Though weal and woe The voice of the blest,
As at the door, on meeting lingerd she,
"The king who erst govern'd returneth again,And restores to the Faithful the goods that were ta'en,
Scarce are closed his eyes,
Here meets the eye;The ever-womanly
ACT IV. SCENE 5.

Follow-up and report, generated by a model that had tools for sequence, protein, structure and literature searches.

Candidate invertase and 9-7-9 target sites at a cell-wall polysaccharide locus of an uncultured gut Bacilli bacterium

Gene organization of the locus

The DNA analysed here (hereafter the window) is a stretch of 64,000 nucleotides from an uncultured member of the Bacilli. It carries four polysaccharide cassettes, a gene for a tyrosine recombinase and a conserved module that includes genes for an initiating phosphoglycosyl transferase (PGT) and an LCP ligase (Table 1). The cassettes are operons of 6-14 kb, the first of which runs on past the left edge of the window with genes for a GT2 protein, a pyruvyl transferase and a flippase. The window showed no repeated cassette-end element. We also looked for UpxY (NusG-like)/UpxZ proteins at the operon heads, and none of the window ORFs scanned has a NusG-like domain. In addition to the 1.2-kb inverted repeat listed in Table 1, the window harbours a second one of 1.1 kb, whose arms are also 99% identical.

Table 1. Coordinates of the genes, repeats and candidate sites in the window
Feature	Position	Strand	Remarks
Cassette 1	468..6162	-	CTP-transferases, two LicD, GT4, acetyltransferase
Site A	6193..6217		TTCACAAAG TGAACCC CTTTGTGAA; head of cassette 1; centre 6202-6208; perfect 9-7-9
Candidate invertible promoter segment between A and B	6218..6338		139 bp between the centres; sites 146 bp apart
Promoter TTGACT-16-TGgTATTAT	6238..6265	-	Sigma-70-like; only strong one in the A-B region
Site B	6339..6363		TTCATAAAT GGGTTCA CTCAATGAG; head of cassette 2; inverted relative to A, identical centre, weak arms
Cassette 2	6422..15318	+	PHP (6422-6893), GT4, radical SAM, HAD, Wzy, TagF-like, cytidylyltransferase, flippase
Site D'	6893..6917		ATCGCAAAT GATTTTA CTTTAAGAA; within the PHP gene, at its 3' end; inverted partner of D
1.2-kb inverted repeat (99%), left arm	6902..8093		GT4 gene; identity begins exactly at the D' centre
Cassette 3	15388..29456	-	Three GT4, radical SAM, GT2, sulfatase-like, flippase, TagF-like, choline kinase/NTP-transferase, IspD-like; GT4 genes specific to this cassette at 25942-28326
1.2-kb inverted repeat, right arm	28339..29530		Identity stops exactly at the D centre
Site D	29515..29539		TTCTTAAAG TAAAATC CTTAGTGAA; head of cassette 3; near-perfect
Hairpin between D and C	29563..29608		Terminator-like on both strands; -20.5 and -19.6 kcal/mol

Then his good mother broke in, in her turn, with vivacity speaking"Son, you are certainly right. We parents set the example.'Twas not in time of pleasure that we made choice of each other,And 'twas the saddest of hours, that knitted us closely together.Monday morning,--how well I remember! the very day afterThat most terrible fire occurr'd which burnt down the borough,Twenty years ago now; the day, like to-day, was a Sunday,Hot and dry was the weather, and little available water.All the inhabitants, clothed in their festival garments, were walking,Scatter'd about in the inns and the mills of the neighbouring hamlets.At one end of the town the fire broke out, and the flames ranHastily all through the streets, impell'd by the draught they created.And the barns were consumed, where all the rich harvest was gather'dAnd all the streets as far as the market; the dwelling house alsoOf my father hard by was destroy'd, as likewise was this one.Little indeed could we save; I sat the sorrowful night throughOn the green of the town, protecting the beds and the boxes.Finally sleep overtook me, and when by the cool breeze of morningWhich dies away when the sun arises I was awaken'd,Saw I the smoke and the glow, and the half-consumed walls and the chimneys.Then my heart was sorely afflicted; but soon in his gloryRose the sun more brilliant than ever, my spirits reviving.Then in haste I arose, impell'd the site to revisitWhere our dwelling had stood, to see if the chickens were livingWhich I especially loved; for childlike I still was by nature.But when over the ruins of courtyard and house I was climbing,Which still smoked, and saw my dwelling destroy'd and deserted,You came up on the other side, the ruins exploring.You had a horse shut up in his stall; the still-glowing raftersOver it lay, and rubbish, and nought could be seen of the creature.Over against each other we stood, in doubt and in sorrow,For the wall had fallen which used to sever our courtyards;And you grasp'd my hand, addressing me softly as follows'Lizzy, what here are you doing? Away! Your soles you are burning,For the rubbish is hot, and is scorching my boots which are thicker.'Then you lifted me up, and carried me off through your courtyard.There still stood the gateway before the house, with its arch'd roof,Just as it now is standing, the only thing left remaining.And you sat me down and kiss'd me, and I tried to stop you,But you presently said, with kindly words full of meaning'See, my house is destroy'd! Stop here and help me to build it,I in return will help to rebuild the house of your father.'I understood you not, till you sent to my father your mother,And ere long our marriage fulfilid the troth we soon plighted.Still to this day I remember with pleasure the half-consumed rafters,Still do I see the sun in all his majesty rising,For on that day I gain'd my husband; the son of my youth tooGained I during that earliest time of the wild desolation.Therefore commend I you, Hermann, for having with confidence guilelessTurn'd towards marriage your thoughts in such a period of mourning,And for daring to woo in war and over the ruins.--"